The Portland metropolitan region added 40,621 new residents from 2014 to 2015, a growth rate of 1.72 percent, according to updated estimates released today by the US Census Bureau.
New Population Estimates
7-county Portland metropolitan area
includes Clackamas, Columbia, Multnomah, Washington and Yamhill counties, Oregon and Clark and Skamania counties, Washington
2015 population: 2,389,228
New residents, 2014-15: 40,621
Domestic migrants (moved from elsewhere in US): 21,479
International migrants: 6,423
Natural increase (births minus deaths): 11,405
Growth rate since 2014: 1.72%
Growth rate since 2010: 7.02%
2015 population: 790,294
New residents: 12,414
Domestic migrants: 5,273
International migrants: 3,050
Natural increase: 3,945
Growth rate since 2014: 1.59%
Growth rate since 2010: 7.18%
2015 population: 571,326
New residents: 11,053
Domestic migrants: 4,507
International migrants: 2,182
Natural increase: 3,996
Growth rate since 2014: 1.96%
Growth rate since 2010: 7.46%
2015 population: 401,515
New residents: 7,011
Domestic migrants: 5,301
International migrants: 383
Natural increase: 934
Growth rate since 2014: 1.77%
Growth rate since 2010: 6.53%
Clark County, Wash.
2015 population: 459,495
New residents: 9,054
Domestic migrants: 5,821
International migrants: 668
Natural increase: 2,185
Growth rate since 2014: 2.01%
Growth rate since 2010: 7.66%
Source: US Census Bureau estimates for July 1, 2015, released March 24, 2016.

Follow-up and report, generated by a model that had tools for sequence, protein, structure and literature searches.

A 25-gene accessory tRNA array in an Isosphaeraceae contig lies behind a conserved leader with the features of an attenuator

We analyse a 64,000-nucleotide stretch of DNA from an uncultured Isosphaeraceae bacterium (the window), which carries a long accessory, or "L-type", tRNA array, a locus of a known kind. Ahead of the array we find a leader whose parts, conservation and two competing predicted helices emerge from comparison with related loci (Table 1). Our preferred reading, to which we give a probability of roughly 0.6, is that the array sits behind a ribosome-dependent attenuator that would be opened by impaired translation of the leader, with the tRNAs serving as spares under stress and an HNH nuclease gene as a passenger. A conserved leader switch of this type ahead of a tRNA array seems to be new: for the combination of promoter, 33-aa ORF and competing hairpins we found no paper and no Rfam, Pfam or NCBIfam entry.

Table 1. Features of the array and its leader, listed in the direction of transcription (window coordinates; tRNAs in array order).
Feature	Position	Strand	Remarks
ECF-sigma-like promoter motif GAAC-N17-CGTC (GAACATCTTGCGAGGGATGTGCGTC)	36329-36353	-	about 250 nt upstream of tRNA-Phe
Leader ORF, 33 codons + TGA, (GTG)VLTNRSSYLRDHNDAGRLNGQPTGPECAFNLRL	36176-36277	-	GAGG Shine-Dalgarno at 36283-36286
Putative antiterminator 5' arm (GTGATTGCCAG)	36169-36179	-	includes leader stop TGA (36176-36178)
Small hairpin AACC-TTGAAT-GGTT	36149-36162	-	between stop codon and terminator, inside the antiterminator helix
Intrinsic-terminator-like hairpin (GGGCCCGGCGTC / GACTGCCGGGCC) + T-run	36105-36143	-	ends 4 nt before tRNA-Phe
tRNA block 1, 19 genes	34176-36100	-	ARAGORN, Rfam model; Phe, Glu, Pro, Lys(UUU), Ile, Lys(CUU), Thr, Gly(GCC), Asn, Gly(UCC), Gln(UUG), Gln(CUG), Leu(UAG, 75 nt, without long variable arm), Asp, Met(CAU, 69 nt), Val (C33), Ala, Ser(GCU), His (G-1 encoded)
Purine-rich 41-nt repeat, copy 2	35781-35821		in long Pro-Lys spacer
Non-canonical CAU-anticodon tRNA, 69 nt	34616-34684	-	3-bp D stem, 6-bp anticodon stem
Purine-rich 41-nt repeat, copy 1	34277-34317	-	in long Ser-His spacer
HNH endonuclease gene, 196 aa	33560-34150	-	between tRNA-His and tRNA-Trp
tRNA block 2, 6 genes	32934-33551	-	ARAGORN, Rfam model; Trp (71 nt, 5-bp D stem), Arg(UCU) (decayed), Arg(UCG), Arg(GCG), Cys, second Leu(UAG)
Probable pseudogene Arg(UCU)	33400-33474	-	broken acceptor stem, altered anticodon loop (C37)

That's like two full TriMet buses every day for a year -- enough to rank the region number 19 on the list of US metro areas with the greatest number of new residents.
The new estimates show the 7-county greater Portland region just shy of the 2.4 million population mark, with 2,389,228 residents as of July 1, 2015.
As with the year before, more than two-thirds of the region's growth came from people moving here.
More than half the region's new residents – about 21,000 people – moved here from other parts of the country, the 13th largest domestic migration number among US metro areas. Another 6,400 people moved from abroad to the region, a small number relative to other metro areas but the region's greatest increase this decade.
Metro planning director Elissa Gertler said continued growth shows both strengths and the need for strategies to absorb it.
"This continued growth demonstrates that our region is a desirable place to live and a competitive place to work," Gertler said via email. "And to keep it that way we will have to address the effects of growth on things like the cost of housing and our ability to get around.
"But thanks to a long history of planning together for where and how we want to grow, we are able to absorb change and growth better than many other places," she added.
The dominant role of migration in the region's growth is a sign of a strong economy, said Risa Proehl, population estimates program manager at Portland State University's Population Research Center.